The U.S. Department of Education Office for Civil Rights opened an investigation Monday into allegations the Roseburg School District is discriminating against disabled students by pulling them out of class early and loading them on buses earlier than their non-disabled peers.
The investigation stems from a July 16 complaint filed by Katie Thompson, whose daughter Kierra Grace Thompson attends Fremont Middle School. Thompson told The News-Review she has been asking the Roseburg School District to stop putting her daughter on the bus early for more than a year.
According to Katie Thompson, disabled students are being loaded onto buses early at many schools across the district, in some cases more than 20 minutes before the school bell rings. It’s a practice she said is shorting kids like her daughter on educational time and the chance for after-school socialization with other kids.
Roseburg School District Superintendent Gerry Washburn said Tuesday the district had not yet been notified of the investigation, and even if it had, he wouldn’t be able to comment during the investigation.
Thompson and a couple of Kierra’s caregivers submitted documentation for the discrimination complaint showing they observed the buses being loaded at seven schools in the district, and found the buses disabled students ride were often being loaded before the school bell rang. The buses the non-disabled students ride were filled either after the bell or much closer to the end of the school day, according to their records.
On two separate days, Feb. 13 and March 5 of this year, an observer recorded Fremont Middle School staff loading disabled students onto their buses more than 10 minutes ahead of the end of the school day. Non-disabled students were loaded right when school was out.
At a couple of other schools, the findings were even more striking. On May 2, Melrose Elementary School allegedly placed disabled kids on one of the buses at 2:01 p.m., 29 minutes before the end of the school day. On Feb. 21, Fir Grove started loading disabled kids on one of the buses at 2:08 p.m., 22 minutes before school was out.
Elizabeth Polay, Thompson’s attorney, said it’s unfortunate Thompson had to file a complaint in order to get the problem addressed. She said Thompson hoped the district would work with her.
“It’s really sad and frustrating that has not happened, that this hasn’t changed,” she said. “We hope that maybe with the help of (the Office for Civil Rights) something will change.”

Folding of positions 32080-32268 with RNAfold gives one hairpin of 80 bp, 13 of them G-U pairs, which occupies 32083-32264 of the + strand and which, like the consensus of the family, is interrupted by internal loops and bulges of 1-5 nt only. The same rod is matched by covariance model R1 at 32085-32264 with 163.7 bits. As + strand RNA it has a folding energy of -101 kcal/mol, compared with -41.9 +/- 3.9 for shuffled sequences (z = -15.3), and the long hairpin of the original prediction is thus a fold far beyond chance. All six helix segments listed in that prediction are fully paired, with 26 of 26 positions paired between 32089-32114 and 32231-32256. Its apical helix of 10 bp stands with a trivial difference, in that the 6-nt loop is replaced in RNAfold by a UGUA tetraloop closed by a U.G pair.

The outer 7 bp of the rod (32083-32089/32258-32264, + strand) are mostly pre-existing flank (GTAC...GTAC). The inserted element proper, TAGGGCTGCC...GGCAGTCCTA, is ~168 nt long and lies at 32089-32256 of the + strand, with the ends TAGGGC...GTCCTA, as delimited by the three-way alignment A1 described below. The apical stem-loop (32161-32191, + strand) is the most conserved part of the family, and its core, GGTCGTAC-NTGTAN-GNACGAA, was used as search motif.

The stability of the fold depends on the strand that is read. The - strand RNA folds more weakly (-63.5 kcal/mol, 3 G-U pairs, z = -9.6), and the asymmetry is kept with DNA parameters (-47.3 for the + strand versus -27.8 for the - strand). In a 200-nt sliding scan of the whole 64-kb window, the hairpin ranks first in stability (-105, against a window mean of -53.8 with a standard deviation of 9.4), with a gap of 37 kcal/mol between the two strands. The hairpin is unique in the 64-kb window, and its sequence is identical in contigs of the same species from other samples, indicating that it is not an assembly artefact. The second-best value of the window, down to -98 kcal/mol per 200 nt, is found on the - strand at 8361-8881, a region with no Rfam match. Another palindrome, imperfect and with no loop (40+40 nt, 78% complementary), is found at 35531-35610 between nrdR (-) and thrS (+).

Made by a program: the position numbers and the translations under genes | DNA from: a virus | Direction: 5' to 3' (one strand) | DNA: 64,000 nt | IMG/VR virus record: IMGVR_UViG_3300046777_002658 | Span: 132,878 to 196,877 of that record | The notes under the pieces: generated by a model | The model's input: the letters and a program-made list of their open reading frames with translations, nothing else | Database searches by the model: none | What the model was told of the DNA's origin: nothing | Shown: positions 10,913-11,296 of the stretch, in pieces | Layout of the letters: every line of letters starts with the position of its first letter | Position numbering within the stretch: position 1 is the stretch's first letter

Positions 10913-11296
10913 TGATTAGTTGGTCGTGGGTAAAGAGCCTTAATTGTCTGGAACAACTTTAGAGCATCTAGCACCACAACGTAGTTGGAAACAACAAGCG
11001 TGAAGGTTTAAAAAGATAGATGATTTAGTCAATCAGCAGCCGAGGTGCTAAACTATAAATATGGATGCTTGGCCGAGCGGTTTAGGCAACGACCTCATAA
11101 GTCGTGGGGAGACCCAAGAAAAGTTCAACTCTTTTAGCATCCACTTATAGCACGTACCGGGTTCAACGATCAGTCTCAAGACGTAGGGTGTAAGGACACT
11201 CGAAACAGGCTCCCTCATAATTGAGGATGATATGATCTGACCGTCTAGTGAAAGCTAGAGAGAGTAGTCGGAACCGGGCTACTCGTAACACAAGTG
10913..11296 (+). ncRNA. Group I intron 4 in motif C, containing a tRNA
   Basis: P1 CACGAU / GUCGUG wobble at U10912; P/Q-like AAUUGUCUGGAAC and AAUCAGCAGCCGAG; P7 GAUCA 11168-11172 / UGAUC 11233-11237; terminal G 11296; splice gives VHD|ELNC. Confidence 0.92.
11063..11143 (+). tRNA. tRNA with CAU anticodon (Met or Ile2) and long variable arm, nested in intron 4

Polay wrote in the complaint that Thompson had requested the district discontinue early dismissals in April 2017, and was told by district officials the practice would be stopped. Once again in November, Thompson asked for the practice to be stopped and district officials assured her that it would be.
Polay said while some disabled students may have specific needs to be loaded early, the rest should be allowed to experience the whole school day. And if they require individualized education, they’re really losing out when the day is shortened.
The complaint asks the Office for Civil Rights to order the school district to stop releasing special education students early, to provide compensatory education to make up for the time they’ve lost, and to train district staff members who provide and supervise student transportation.
This isn’t the first time Thompson filed a complaint with the Department of Education. She is involved in an ongoing battle for the right to bring Kierra’s service dog Peanut to school. Peanut is specially trained to detect Kierra’s seizures but will remain at home at least until that case is resolved.
The U.S. Department of Education is investigating whether Roseburg Public Schools discrimina…
Kierra is doing much better now than she was five years ago, when she was repeatedly having seizures that dropped her to the floor, Thompson said. She still has smaller seizures. She’s on three anti-epileptic drugs, and at age 14, she resembles a 2-year-old in many ways. But she’s not confined to a wheelchair anymore, and loves to run, her mother said.
“Her personality is really shining through. She’s a flower child. She loves to be barefoot. She loves to have the rain fall down on her. She loves to be outdoors,” Thompson said.
Thompson said the minutes children with special needs are losing could make a big difference.
“Every child deserves to have a full day of education, and I just want to have that happen to all the children in the town that I live in,” she said.
Thompson said she also wants her daughter to have the chance to interact with her peers after school.
“She’s very happy. She’s very bubbly. She’s very outgoing. She loves to give high fives, and I want her to have the opportunity to be able to do that, just like all the other kids in her school get to,” she said.